Canadian police groups defend Taser use
The Canadian Police Association says all officers should be allowed to carry Tasers and receive regular training to ensure they are using them correctly and in appropriate situations.
The CPA and the Canadian Association of Chiefs of Police released their joint position paper on the use of Tasers in Ottawa on Tuesday.
The groups also recommended that provincial governments set a uniform standard for training, testing and reporting incidents when Tasers are used.
"This would assure (law enforcement) agencies, their oversight bodies and the public that the police are exercising due diligence in the use of conducted energy weapons," CPA president Charles Momy told reporters.
Momy and Canadian Association of Chiefs of Police Vice-president Tom Kaye maintained that there is no evidence that a Taser has directly caused the death of a suspect.
They said that 150 studies have failed to find a link between Tasers and deaths, but did not make reference to any specific research.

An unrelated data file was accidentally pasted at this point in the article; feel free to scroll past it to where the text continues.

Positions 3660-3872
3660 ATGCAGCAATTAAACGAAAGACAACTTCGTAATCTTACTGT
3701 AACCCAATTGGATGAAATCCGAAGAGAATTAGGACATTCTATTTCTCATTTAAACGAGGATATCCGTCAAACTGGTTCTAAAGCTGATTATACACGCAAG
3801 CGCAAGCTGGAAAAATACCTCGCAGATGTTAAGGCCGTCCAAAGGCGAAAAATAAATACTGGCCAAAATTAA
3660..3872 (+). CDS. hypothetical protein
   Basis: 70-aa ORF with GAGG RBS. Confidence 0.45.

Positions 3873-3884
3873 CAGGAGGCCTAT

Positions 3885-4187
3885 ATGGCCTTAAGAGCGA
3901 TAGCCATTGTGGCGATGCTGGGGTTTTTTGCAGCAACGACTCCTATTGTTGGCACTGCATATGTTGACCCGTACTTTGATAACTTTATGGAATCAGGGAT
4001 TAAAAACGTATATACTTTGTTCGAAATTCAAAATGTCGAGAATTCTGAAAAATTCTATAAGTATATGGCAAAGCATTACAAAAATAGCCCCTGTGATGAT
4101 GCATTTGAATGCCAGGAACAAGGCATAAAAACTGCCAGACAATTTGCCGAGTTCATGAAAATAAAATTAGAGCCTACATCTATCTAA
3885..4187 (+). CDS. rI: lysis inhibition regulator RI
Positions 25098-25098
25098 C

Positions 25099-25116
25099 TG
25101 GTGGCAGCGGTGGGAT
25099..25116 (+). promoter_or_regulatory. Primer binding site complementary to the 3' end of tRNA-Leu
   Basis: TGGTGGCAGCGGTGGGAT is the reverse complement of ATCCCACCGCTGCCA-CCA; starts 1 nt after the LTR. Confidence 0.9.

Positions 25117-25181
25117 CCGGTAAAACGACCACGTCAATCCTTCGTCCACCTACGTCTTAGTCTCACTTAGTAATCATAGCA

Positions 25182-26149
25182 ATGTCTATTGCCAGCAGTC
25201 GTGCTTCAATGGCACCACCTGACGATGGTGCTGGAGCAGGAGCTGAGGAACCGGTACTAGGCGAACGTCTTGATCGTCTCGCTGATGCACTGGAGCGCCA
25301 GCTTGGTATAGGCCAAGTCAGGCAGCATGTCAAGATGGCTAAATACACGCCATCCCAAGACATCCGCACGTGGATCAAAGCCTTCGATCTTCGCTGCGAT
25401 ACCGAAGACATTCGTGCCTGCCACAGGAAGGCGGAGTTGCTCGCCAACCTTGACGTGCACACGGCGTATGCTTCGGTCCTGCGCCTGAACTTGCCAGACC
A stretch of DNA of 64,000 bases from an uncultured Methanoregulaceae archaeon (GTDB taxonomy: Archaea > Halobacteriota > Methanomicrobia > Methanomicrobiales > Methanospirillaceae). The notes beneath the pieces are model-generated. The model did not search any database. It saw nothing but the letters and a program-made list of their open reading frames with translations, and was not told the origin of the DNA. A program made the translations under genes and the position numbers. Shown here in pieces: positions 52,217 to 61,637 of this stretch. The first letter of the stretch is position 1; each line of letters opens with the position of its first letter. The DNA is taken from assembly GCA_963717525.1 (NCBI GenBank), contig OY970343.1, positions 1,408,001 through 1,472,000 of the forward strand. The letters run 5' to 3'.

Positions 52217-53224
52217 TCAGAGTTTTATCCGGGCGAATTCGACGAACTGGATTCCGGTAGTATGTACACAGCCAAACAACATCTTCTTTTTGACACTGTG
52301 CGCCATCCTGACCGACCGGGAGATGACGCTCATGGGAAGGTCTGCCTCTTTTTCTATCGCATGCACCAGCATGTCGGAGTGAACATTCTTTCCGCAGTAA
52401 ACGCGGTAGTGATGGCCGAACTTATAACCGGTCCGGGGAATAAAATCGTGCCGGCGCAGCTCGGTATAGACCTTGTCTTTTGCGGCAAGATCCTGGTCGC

However, earlier this month, the RCMP released new guidelines for the use of Tasers, acknowledging that they may increase the risk of death for a suspect who is agitated.
The new policy restricts the use of Tasers to subdue a suspect when the safety of officers or the public is threatened.
The RCMP guidelines were announced as a public inquiry is underway in B.C. to probe the death of Robert Dziekanski, a Polish man who became disoriented at the Vancouver airport.
Dziekanski became agitated after spending hours at the airport looking for his mother, who was waiting to pick him up.
He died after being subdued by RCMP officers, including being hit by a Taser.
Despite police claims that Tasers are safe, a team of Chicago researchers who Tasered pigs in 2006 found that each animal either died or suffered heart problems after being hit in the chest with two 40-second jolts.
Both Momy and Kaye said that the general public has been misinformed about the potential dangers of Tasers, and cited examples when people have been subdued when they were threatening to commit suicide.
Both men said officers are already authorized to use force when necessary, and called Tasers a valuable public safety tool.
"The CEW is used in situations when there is an imminent need to control, and when other options have been ruled out by a police officer," Momy said.
However, they also cautioned that there is the risk of injury or even death associated with other forms of force, including batons and pepper spray.